Woods makes the Masters cut for a record 24th time in a row

AUGUSTA — A howling gust — the kind that created havoc at Augusta National all day long — struck the 18th green just as Tiger Woods was lining up yet another testy putt. Fine particles of sand stirred from the pearl-white bunkers, whipping across the slick green surface.

One caddie’s hat was blown off. Woods turned away quickly, avoiding the potentially painful daggers to his eyes.

Not to worry.

It was just a windy respite on the way to another bit of Masters history Friday.

When the blast subsided enough to look again, Woods rolled in a 5-foot putt to cap an even-par 72 that ensured he made the cut for a record 24th time in a row.

Of course, his sights were fixated on a far greater goal — a record-tying sixth green jacket.

Woods broke the cut mark he shared with three-time champion Gary Player, who advanced to the weekend 23 straight times beginning in 1959, and 1992 winner Fred Couples, whose own streak lasted until 2007.

“I’m here. I have a chance to win the golf tournament,” said Woods, who was at 1-over 145 through 36 holes and seven strokes off the lead. “I got my two rounds in. Just need some food and some caffeine, and I’ll be good to go.”

It was a grueling day for the five-time Masters champion, even more so considering the 48-year-old has endured numerous injuries, countless surgeries and a devastating car wreck that nearly cost him his right leg.

Woods was back at the course before sunrise to finish up the final five holes of his opening round, which was cut short by darkness after storms Thursday morning delayed the start of the tournament by 2 1/2 hours.

He made a couple of bogeys to complete a 73, then had less than an hour to rest up for another 18 holes.

Remarkably, he played just one less hole Friday than his competitive total through the first three months of the year, his patched-up body no longer capable to handling a regular schedule of events.

Even with such limited preparation, there’s something about Augusta National that always brings out the best in Woods.

“Yeah, I’m tired. I’ve been out for a while, competing, grinding. It’s been a long 23 holes, a long day,” he conceded. “But Lance (Bennett, his caddie) and I really did some good fighting today, and we’ve got a chance.”

Stewart Hagestad, an amateur who missed the cut, marveled at Woods’ performance.

“The guy has barely played at all in the last calendar year, and he’s 1 over,” Hagestad said. “That’s alien stuff. That’s unbelievable.”

With the crowd around the 18th green roaring like it was a Sunday, Woods’ steely demeanor morphed into a huge smile as soon as the round was done. He hugged playing partner Jason Day, and gave another big squeeze to Bennett before a triumphant stroll to the clubhouse, the patrons lining the ropes four and five deep to applaud his effort.

“It was awesome,” said Max Homa, who rounded out the threesome with Woods and Day. “I always wanted to just watch him hit iron shots around here, and I was right up next to him. It was really cool. His short game was so good. I don’t think I can explain how good some of the chip shots he hit today were.”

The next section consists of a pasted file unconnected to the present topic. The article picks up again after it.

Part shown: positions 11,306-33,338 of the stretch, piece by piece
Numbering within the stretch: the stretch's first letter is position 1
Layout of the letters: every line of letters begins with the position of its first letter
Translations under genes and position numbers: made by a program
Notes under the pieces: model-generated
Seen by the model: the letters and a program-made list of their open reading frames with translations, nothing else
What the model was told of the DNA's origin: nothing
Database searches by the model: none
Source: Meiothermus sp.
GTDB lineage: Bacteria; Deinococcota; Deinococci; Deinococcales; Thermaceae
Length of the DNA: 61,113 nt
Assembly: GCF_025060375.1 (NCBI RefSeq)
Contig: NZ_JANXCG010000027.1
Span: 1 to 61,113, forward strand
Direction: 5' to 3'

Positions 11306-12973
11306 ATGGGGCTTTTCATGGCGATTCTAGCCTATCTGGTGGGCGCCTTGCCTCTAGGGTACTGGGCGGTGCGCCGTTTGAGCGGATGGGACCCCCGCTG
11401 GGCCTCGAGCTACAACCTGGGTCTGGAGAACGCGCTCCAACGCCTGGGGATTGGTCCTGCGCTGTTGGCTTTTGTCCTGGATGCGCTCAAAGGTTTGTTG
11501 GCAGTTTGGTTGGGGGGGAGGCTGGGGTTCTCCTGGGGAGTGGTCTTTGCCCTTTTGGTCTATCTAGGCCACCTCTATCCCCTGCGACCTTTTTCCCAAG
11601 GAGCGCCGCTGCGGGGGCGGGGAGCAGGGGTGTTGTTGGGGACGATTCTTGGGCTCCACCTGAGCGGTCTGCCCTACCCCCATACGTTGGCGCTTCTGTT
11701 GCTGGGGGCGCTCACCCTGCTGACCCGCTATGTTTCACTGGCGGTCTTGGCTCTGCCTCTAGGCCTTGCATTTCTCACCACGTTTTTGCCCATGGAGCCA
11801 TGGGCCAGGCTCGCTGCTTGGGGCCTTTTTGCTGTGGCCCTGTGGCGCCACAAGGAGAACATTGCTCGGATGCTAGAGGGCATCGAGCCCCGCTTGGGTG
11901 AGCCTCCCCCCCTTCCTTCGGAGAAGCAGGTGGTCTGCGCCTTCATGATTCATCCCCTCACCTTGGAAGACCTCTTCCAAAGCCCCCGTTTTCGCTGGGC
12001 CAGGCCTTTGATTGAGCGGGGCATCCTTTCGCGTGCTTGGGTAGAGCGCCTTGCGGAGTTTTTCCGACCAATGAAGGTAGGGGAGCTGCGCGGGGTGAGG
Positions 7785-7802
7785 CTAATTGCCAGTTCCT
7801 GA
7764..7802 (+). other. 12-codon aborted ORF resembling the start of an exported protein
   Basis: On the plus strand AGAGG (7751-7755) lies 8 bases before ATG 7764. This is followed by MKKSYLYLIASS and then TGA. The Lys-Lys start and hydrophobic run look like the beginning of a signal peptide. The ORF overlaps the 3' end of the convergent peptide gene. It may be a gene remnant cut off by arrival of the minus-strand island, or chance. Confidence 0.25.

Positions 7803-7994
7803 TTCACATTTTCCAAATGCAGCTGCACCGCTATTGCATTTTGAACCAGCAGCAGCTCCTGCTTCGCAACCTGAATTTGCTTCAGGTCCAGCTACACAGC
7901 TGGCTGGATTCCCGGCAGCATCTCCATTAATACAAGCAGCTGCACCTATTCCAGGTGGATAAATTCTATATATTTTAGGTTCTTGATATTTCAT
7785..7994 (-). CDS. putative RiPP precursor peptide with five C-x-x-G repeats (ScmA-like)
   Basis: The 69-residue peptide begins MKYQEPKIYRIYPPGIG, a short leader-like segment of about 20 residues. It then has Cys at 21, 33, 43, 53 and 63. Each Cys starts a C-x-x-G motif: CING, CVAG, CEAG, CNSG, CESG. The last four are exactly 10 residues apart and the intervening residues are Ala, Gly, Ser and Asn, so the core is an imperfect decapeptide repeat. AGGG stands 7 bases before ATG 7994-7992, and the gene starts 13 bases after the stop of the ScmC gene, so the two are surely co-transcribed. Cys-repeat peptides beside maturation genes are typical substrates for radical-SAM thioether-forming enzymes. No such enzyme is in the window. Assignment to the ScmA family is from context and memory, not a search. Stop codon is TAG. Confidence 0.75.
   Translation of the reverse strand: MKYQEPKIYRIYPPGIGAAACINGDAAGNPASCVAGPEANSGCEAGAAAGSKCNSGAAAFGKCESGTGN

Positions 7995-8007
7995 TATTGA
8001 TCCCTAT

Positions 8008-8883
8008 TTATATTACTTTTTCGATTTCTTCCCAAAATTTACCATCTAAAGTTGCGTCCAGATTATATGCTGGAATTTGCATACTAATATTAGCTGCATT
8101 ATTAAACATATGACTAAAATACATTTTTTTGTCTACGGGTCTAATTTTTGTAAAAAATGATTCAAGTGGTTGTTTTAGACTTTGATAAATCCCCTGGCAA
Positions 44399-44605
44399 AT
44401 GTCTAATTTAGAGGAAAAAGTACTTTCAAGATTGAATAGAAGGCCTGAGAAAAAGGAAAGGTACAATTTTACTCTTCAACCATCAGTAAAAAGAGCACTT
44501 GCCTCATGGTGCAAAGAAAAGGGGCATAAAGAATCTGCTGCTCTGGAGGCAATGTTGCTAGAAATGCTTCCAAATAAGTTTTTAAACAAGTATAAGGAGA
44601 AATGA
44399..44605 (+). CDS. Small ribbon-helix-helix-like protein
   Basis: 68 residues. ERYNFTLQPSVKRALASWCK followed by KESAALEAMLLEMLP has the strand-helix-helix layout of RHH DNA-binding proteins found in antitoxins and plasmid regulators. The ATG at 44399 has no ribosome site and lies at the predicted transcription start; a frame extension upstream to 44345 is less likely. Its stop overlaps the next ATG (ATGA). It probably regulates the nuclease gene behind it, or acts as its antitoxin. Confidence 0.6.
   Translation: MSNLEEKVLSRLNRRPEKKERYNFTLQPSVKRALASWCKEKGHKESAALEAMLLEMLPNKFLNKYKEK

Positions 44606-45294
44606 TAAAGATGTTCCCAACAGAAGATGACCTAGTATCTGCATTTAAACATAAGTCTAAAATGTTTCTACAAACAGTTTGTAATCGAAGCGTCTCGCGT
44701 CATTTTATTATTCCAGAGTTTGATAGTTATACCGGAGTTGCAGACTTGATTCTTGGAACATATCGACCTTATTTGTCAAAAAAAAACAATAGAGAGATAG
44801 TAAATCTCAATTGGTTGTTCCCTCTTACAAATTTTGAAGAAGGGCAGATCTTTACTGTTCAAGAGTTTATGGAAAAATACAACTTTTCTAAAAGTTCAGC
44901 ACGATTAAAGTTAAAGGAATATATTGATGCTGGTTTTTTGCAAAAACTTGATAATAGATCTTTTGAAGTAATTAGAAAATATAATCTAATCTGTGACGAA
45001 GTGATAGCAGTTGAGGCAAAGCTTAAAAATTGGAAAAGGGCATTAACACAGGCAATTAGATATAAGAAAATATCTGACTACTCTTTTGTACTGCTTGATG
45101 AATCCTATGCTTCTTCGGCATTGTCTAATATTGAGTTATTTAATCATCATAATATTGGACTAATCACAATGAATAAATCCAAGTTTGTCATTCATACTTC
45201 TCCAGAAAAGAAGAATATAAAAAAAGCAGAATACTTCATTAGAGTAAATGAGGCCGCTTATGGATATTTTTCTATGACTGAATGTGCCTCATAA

Homa, tied for the lead with Bryson DeChambeau and Scottie Scheffler at 6-under 138, was glad to cede the spotlight to Woods.

“He’s special,” Homa said. “We had a really quick turnaround, and if I was feeling tired and awful, I imagine he was feeling even worse.”

Homa was impressed as much as anything by the way Woods maintained his cool on the 18th green when the sand went flying with gusts approaching 40 mph for the second day in a row.

“We had sandblasts for 45 seconds, and I turned around five times so I didn’t get crushed in the face, and he’s standing there like a statue and then poured it right in the middle,” Homa said. “All the cliches you hear about him and all the old stories about how he will grind it out, it was fun to see that in person.”

Woods was as accurate as he’s ever been off the tee as a Masters professional, hitting 25 of 28 fairways through the first two rounds. But one wayward approach shot after another left him to do all sorts of scrambling.

Fortunately for Woods, he knew where to miss and kept pulling off nifty chips and clutch putts to keep his score safely above the cut line, which ended up at 6 over.

“I was forced to get up-and-down a few times today, and I was able to do that,” Woods said. “A lot of those chip shots I was able to get up-and-down because I left it in the perfect spot, and that’s understanding how to play this golf course.”

Woods went through a stretch of six straight holes before the turn where he made nothing but birdies or bogeys, but he settled things a bit on the back nine with a single bogey at the 14th — where his approach from 150 yards sailed into the gallery behind the green — and a two-putt birdie at the par-5 15th after clearing the pond with two booming shots.

Woods headed into the weekend facing a daunting deficit, needing a comeback of near-record proportions to win the tournament. Jack Burke Jr. had the biggest 36-hole rally, coming from eight strokes back to win the 1956 Masters.

Even though history is against him, Woods still thinks he has a chance to equal Jack Nicklaus’ record of a half-dozen titles.

“I’m right there,” Woods said. “I don’t think anyone is going to run off and hide right now.”